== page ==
Gabon: Our New Equatorial Home

Our three-year assignment in Libreville began with a curious incident at the airport. With six rolling suitcases in tow, we exited the customs area, where a uniformed man was inspecting a styrofoam box. “Pangolin,” he said in a defeated French accent, shaking his head. A quick search later on my phone revealed that Pangolin, an ant-eater-looking animal, is poached in the Congo Basin for its scales. On a positive note, we’ve also learned that Jeff Bezos’ Earth Fund has pledged $35 billion to Gabon for conservation efforts.

During our first two weeks, jetlag morphed into temporary overwhelm, discerning the perils and promises ahead. Even now, commencing week three, my alligator brain craves creature comforts and familiarity. I miss having a car, but also the absence of seemingly insignificant things such as my own comfy pillow and bath mats. Air thick with humidity leaves a thin, damp sheen on the chilly tile inside our home, which seems ironic; cold feet in a tropical climate. Moisture clings to the dust I bring home after walking Biscuit outside, creating a trail of black footprints like a Sherlock Holmes cartoon across the white floor.

Hacking up a whole pineapple for breakfast with a dull blade, I long for my sharp kitchen knives. “Mom, I didn’t know pineapple came in octagonal shapes,” Ramsay teases. I practice yoga breathing and concentrate on finding the beauty and counting our blessings: we are safe, our condo has a screen porch, we live near the ocean, people are kind, and I’m able to converse with the locals in French. In the evenings, lovely pastel colors bleed into the sky as we watch a fiery orb slip rapidly behind the horizon.

Having grown up in the U.S. on the east coast, it seems odd to view the Atlantic from the west. Below swaying palms, corpulent trunks of driftwood lay strewn across Libreville’s beaches, their chalky branches reaching toward the ocean with knarled, thirsty fingers. Tangles of roots like wild, messy hair add to the untamed seascape. The scenery is gorgeous, but the water near our house isn’t swimmable due to sewage, old shoes, plastic bottles, and shards of the forgotten. Perhaps Ramsay and I can participate in beach clean-ups and join the Sea Turtle Patrol we’ve heard about.

There have been surprises, good and bad. After accepting an impromptu invitation for a glass of wine on the beach to bid an embassy friend farewell whom we’d only just met, my mouth hung open slightly when bats appeared with the wingspans of crows and heads nearly as big as kittens. (not kidding). But the next morning, also taking flight, were uplifting lemon-yellow weaver birds, turquoise-tinged Kingfishers, and a grey and red parrot; the yin and yang of living in an exotic locale.

Parts of the city resemble the Caribbean, full of tropical vibes, dance music, and riotous color: the brightly painted houses, cheerful Hibiscus, lizards with orange tails, and exotic flora and fauna. As in many developing nations, the stunning beauty here is juxtaposed with dilapidation and brokenness behind the scenes, especially the trash on the shores.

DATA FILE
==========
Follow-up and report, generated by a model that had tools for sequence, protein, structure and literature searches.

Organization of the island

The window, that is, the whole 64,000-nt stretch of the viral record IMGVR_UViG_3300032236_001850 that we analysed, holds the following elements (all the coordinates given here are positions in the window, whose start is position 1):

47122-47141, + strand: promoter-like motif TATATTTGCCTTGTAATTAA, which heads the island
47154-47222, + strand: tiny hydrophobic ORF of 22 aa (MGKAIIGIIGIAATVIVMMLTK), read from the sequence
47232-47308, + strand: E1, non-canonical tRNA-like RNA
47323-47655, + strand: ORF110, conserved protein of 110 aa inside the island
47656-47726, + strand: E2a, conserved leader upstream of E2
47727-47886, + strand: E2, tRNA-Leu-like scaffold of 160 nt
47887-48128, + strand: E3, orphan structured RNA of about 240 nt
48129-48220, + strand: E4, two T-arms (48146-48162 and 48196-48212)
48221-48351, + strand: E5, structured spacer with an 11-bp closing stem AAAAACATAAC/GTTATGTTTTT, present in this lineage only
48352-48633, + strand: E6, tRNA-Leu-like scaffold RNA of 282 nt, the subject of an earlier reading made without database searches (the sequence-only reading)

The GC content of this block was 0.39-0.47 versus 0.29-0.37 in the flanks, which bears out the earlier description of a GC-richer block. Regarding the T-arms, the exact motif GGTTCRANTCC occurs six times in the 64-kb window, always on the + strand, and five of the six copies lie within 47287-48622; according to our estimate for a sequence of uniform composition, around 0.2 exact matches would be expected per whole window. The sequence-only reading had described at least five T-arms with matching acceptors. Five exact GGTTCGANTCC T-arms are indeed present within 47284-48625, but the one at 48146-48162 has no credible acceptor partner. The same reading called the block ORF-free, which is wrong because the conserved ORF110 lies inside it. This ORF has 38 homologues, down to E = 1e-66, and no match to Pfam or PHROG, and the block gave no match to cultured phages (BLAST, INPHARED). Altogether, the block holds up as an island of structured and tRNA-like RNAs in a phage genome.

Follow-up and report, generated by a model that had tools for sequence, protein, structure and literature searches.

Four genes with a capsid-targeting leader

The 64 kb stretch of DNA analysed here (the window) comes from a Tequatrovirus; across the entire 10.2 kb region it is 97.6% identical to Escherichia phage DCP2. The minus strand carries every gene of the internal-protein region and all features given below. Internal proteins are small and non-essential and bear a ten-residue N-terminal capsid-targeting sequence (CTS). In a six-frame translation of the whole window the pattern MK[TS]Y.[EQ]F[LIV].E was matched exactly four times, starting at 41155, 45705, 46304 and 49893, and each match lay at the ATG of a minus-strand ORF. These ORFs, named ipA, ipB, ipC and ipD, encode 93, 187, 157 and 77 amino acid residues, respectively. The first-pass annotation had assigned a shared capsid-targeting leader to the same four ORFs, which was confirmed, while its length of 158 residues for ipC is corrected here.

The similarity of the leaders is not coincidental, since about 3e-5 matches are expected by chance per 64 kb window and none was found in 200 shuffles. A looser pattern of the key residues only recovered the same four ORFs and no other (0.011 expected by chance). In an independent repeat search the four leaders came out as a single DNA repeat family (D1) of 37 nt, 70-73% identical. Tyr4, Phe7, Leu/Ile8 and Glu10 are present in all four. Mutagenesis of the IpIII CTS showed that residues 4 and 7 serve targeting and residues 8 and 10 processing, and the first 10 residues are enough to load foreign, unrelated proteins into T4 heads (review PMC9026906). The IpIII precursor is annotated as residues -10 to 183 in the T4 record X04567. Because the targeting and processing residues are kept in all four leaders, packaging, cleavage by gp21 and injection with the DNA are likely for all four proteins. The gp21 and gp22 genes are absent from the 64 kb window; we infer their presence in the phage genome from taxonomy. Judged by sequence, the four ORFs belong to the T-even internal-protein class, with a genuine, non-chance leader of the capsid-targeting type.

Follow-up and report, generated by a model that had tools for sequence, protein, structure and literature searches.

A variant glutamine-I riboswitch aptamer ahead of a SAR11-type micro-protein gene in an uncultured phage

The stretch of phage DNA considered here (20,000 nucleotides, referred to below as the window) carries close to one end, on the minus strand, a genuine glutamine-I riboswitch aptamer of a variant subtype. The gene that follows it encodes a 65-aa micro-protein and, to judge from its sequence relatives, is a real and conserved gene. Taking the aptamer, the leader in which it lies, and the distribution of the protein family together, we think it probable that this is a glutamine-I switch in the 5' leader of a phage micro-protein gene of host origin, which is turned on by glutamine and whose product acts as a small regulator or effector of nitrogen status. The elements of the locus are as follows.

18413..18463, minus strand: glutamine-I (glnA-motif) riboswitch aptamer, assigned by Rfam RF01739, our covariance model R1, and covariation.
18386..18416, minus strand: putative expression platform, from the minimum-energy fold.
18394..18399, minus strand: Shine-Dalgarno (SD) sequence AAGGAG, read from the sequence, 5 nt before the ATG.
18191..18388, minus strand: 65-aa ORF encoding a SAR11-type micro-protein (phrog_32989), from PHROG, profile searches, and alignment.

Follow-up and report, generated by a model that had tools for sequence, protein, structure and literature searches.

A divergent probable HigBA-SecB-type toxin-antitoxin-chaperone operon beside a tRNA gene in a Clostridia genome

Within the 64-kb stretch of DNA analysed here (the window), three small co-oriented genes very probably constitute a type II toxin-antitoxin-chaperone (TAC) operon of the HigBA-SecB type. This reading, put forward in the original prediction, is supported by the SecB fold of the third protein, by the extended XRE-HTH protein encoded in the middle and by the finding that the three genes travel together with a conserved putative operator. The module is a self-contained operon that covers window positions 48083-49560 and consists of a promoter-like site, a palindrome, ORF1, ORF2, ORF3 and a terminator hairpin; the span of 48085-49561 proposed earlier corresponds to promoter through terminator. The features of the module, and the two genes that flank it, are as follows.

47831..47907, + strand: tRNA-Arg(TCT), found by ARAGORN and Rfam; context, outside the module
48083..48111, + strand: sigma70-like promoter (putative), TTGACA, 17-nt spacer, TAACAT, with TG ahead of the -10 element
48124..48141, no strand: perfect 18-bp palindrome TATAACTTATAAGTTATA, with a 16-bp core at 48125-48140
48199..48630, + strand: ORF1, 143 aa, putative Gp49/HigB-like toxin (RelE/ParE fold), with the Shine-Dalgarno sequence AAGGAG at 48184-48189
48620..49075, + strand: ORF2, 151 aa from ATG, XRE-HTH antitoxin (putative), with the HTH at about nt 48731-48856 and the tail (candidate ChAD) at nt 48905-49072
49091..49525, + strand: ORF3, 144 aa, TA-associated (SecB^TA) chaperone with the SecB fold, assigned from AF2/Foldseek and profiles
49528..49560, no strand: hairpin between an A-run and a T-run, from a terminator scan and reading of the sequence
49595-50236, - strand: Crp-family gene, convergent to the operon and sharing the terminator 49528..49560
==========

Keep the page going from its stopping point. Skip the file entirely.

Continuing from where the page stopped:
In contrast, further afield, on the outskirts of Libreville, (via a forty-minute 4×4 drive over bumpy dirt roads through the edge of the Congo forest), lies a stunning, rugged coastline where sea and sky meld into a nickel-colored light of other-worldliness.

 

Along with its rich biodiversity, Gabon hosts malaria and other infectious diseases. Week One, Ramsay broke out in bright red hives from an allergic reaction. My Mama-brain went into overdrive for days as I sterilized sheets, towels, and surfaces. Should we treat it as something fungal or bacterial? Did it come from the ocean? the pool? new sunscreen? sand fleas? new plants, fruit juice, insects… or maybe from the laundry detergent? The Malaria Meds? ( I stalk mosquitoes in the house with my hands open in attack position as if they are tiny armed robbers). Alas, the source of the outbreak is still unknown, but we are enormously grateful Ramsay is on the mend.

The local food we’ve tried so far is good. Oil-rich Gabon imports 90% of its food, much of it from France. Commonly offered are grilled kabobs “brochette” of gambas, fish, or chicken served with rice, fries, or potatoes au gratin. The French influence is apparent in the grocery stores and boulangeries. To my delight, there are abundant cheeses, macarons, fresh baguettes, and good quality tea. And Mohammed at the unmarked Lebanese place near the airport makes very tasty Shawarma. We sit on his patio overlooking the main road (one of the few that are paved), where traffic is occasionally blocked by President Bongo’s siren-happy motorcade.

In an artisan market, I was informed that many handicrafts here are imported, too. However, I did find local bird collages made with butterfly wings (and I’m hoping this art was not created from illicit trade because I love this creation).

Awaiting our air and sea shipments to make our house feel more like home, I clean the screens and windows and re-arrange the furniture to claim this new space as ours. We engage with our new community of friends and begin to develop rituals, like having coffee on the beach, going outside to watch the sunsets, and sometimes indulging in local ice cream before lunch just for fun.

As we create wish lists of places to see, we remind ourselves on the difficult days to anticipate the magic that always comes with exploring a new land.

Bonne Journee,  Tracy

 

Beauty in Simplicity

The movers arrived; a band of brothers in matching red T-shirts, rustling packing paper and ripping long strands of clear tape. A city of cardboard was erected in our home as we watched the color drain from our surroundings.

Art, carpets, toys, and belongings were dismantled and packed away, stripping the house down to brass tacks. Biscuit, our Golden Retriever, and I both vacillated between moments of zen and anxiety, unsure of where to go, feeling a bit homeless inside our own house.